At an award dinner this evening, the Stanford Alumni Association will present the 2018 Richard W. Lyman Award to Tina Seelig, a professor of the practice in management science and engineering and a faculty director of the Stanford Technology Ventures Program, the entrepreneurship center in the School of Engineering.
Each year, the alumni association presents the Lyman Award to an outstanding faculty member for extraordinary service to Stanford alumni. The association established the award in 1983 to honor Richard W. Lyman, Stanford’s seventh president.
“A Stanford alumni favorite, Tina Seelig is a veritable academic force of nature whose infectious enthusiasm makes learning a true pleasure,” said Howard Wolf, vice president for alumni affairs and president of Stanford Alumni Association.
“Her deep, experiential knowledge in the areas of innovation, creativity and entrepreneurship is of tremendous interest to our 230,000 alumni living around the world, and we are thrilled that Tina is the winner of this year’s Richard W. Lyman Award.”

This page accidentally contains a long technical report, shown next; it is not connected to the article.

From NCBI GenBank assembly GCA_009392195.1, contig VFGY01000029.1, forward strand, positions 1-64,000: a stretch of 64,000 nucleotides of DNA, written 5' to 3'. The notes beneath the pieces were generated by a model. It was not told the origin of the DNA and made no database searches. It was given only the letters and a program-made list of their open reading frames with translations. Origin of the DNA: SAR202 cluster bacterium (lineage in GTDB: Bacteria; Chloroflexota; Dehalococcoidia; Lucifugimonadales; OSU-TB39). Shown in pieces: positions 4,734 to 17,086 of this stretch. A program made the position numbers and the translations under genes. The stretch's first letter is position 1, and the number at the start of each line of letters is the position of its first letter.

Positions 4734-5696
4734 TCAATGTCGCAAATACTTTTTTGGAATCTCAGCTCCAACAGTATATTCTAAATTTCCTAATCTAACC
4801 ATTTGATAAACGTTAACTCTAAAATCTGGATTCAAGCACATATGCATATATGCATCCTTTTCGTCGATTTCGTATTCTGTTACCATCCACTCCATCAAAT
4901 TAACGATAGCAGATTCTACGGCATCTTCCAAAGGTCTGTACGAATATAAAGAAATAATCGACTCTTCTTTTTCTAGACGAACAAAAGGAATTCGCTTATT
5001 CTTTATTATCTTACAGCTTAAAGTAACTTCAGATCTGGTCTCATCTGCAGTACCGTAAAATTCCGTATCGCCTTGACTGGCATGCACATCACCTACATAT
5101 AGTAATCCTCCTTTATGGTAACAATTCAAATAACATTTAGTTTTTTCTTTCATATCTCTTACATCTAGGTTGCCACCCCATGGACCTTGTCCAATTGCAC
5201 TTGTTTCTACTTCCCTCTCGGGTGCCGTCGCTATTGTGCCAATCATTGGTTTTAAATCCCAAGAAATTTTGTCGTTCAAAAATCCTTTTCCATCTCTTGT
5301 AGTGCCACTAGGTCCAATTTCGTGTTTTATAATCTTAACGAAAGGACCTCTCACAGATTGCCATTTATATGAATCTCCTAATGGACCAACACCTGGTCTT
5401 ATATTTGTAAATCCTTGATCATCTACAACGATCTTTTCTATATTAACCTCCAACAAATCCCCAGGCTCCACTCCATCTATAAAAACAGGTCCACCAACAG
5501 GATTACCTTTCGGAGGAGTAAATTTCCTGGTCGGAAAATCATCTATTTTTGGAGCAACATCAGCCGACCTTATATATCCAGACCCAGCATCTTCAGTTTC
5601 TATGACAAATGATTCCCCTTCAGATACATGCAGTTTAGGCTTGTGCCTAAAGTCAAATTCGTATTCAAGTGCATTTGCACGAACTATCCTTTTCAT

Alumni are very interested in entrepreneurship and Seelig, who explored the ability of entrepreneurs to make their own luck in the 2018 TED Talk, The Little Risks You Can Take to Increase Your Luck, is in high demand as a regional alumni speaker on the subject. She is the author of the 2015 book, Insight Out: Get Ideas Out of Your Head and into the World.
The alumni association said Seelig has contributed to its mission of reaching, serving and engaging alumni by participating in a variety of programs, including Stanford+Connects, a 2013–16 global event tour; Leading Matters, a 2008–11 global event tour; and “Classes Without Quizzes,” talks given by faculty during Reunion Homecoming.
Seelig helped expand Stanford in the Wild from a creative writing retreat at Sierra Camp — a family camp located near South Lake Tahoe, California — into an interdisciplinary celebration of the Stanford experience that brings together alumni, faculty and students for a long weekend of in-depth learning and collaboration.
Seelig, who earned a doctorate in neuroscience at Stanford Medical School in 1985, teaches at the Stanford d.school (Hasso Plattner Institute of Design).
One of the courses she teaches is Unlocking Creativity in Prison, which focuses on factors for unlocking innovation and entrepreneurship in prison in partnership with The Last Mile, a training program at San Quentin State Prison in northern California.
Seelig leads three fellowships in creativity, innovation and entrepreneurship in the Stanford School of Engineering, including the Mayfield Fellows Program, an immersive entrepreneurship work/study program for Stanford undergraduate and co-term students.